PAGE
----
ADOLPH VANDERTIE, who would become the “Grand Duke of the Hobos,” began his life in northern Wisconsin. He was born May 25, 1911 on a small farm near the Wisconsin community of Lena. His parents, who originally came from Door County, provided a 16 by 20-foot log cabin for Adolph and his six siblings.
Early in Adolph’s life, his parents moved the family to a hotel and tavern in Lena that became the family home and business. Shortly after the move, his parents divorced. Adolph’s mother continued to manage the business, but with Prohibition the family fell on hard times.
His mother moved the family to Green Bay when Adolph was about nine years old. During these difficult Depression years, Adolph’s mother worked as a custodían to support her family. While Adolph’s interest in tramp and hobo art can be traced back to his grandfather, who had learned the arts as a prisoner of war during the U.S. Civil War, the artist in Adolph was awakened by exposure to the “hobo jungles” the camps where hobos spent time when they weren’t riding the rails. Art Linkletter and H.L. Hunt were among the two million transients who rode the rails and congregated in the hobo jungles as the nation struggled to extract itself from nearly disastrous economic hardship.
Adolph preferred stories of adventure over his schoolwork. He spent much of his time creating cartoons and daydreaming, then began to ride the rails himself. He ate Mulligan Stew
with the hobos and watched as they whittled to pass the time. About this time Adolph saw a fellow hobo whittle a ball-in-the-cage, the quintessential trademark of a hobo whittler. Adolph was hooked! From the time Adolph created his first “ball-in-the-cage,” the magic stayed with Adolph throughout his life.
At the age of 21 Adolph put his hobo days behind him.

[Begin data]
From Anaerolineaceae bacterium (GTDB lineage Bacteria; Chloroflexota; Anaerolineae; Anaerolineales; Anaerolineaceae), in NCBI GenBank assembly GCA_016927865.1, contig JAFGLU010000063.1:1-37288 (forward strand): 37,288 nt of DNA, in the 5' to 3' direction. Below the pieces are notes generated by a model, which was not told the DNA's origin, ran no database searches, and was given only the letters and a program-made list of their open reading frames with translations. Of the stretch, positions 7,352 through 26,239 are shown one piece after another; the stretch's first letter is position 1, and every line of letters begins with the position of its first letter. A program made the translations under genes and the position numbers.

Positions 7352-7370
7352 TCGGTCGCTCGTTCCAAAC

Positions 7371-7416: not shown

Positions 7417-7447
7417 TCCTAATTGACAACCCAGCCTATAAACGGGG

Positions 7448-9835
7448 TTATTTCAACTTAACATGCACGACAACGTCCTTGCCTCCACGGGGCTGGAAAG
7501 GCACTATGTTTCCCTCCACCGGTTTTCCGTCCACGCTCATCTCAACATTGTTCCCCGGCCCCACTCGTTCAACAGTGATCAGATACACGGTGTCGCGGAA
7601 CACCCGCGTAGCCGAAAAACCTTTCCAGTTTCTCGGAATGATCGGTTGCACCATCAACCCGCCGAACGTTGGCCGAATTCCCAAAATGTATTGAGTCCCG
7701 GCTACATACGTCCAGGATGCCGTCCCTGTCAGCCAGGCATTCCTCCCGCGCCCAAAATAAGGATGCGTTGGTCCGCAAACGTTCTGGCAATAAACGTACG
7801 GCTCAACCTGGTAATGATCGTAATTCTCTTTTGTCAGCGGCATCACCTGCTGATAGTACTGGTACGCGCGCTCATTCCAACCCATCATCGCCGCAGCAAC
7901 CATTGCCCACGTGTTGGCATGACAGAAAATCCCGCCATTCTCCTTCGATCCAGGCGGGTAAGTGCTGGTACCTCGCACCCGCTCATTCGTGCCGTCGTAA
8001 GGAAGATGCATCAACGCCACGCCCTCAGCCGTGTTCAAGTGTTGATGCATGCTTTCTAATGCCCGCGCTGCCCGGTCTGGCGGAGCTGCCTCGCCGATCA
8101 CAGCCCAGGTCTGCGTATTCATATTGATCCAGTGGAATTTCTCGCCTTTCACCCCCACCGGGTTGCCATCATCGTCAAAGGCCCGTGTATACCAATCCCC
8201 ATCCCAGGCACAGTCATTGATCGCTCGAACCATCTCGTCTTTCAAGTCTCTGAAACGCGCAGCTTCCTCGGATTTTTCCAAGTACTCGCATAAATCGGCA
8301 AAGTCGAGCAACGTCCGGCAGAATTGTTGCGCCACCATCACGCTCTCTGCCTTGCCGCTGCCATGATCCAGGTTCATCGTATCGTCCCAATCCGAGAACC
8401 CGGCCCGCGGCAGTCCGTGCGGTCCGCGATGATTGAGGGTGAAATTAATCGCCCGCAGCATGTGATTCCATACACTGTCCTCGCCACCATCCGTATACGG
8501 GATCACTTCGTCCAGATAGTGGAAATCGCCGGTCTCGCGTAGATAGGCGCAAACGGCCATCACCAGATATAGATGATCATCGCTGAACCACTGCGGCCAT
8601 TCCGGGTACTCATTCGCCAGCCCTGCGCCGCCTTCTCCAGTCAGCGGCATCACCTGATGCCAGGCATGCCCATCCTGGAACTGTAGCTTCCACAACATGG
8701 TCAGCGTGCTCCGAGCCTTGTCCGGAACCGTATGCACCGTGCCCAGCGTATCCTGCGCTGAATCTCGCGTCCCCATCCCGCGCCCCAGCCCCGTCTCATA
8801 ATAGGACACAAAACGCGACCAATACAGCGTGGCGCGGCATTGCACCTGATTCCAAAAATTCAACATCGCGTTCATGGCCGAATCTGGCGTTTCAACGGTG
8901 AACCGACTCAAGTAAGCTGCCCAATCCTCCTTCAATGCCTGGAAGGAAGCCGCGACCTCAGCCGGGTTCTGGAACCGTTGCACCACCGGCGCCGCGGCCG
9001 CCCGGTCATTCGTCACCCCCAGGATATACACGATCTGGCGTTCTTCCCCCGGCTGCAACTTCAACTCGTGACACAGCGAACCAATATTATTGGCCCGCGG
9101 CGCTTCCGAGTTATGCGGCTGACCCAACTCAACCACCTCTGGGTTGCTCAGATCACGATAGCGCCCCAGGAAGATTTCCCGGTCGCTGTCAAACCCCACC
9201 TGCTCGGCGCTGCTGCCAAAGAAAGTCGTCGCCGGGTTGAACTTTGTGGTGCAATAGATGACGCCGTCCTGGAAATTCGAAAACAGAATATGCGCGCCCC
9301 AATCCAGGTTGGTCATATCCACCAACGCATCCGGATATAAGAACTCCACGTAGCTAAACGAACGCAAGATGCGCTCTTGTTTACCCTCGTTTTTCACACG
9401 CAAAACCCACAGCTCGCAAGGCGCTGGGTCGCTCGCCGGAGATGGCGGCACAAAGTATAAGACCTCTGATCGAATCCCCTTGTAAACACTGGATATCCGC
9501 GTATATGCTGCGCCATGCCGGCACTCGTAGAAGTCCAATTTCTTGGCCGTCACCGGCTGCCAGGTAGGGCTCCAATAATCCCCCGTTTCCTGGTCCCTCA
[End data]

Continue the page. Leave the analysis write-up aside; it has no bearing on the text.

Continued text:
It was time to look for work and Adolph learned there were jobs available at a brewery in St. Louis. When Adolph announced he was leaving for St. Louis, his sweetheart Adeline proposed, they were married, and began their life together in Green Bay instead. Little did Adeline know that her future home would also be home to thousands of unique and interesting pieces of tramp and hobo art.
Adolph acquired his first tramp art piece, a beautiful two-tiered covered box, from his brother. This sparked his interest in collecting. Soon afterwards he began creating hundreds of his own pieces until his collection eventually his collection numbered 3,500 pieces. Most are Adolph’s own work, some are gifts from other hobo artists, and others are spectacular pieces that Adolph acquired because of their uniqueness and significance to the collection.
As he grew older, whittling became a form of therapy for Adolph, a focus that enabled him to overcome an addiction to both alcohol and tobacco and freed him to create more and more of his unbelievably intricate works of art. As the world celebrated a new millennium, Adolph personally celebrated fifty years of sobriety.
The end result of Adolph’s countless hours of whittling was a man who found peace and contentment in a sharp blade and a good piece of wood. A man who collected and created whimsies, tramp art boxes and frames, and incredible furniture pieces carved and whittled
in a way that only the most skilled hand could accomplish. Almost every type of hobo and tramp art can be found in Adolph Vandertie’s collection: chip-carved boxes and frames, ball-in-the-cage whimsies, long chains created from a single piece of wood, and “crown-of-thorns” that are fit without benefit of nails or glue. Adolph Vandertie amassed an amazing collection of historical and artistic importance.
A large portion of The Adolph Vandertie Collection of Tramp Art resides at the Ashwaubenon Historical Museum where the public, scholars, artists, and fellow whittlers can view and enjoy this body of work. The other major portion of Adolph Vandertie’s body of work resides at:
John Michael Kohler Arts Center
6o8 New York Avenue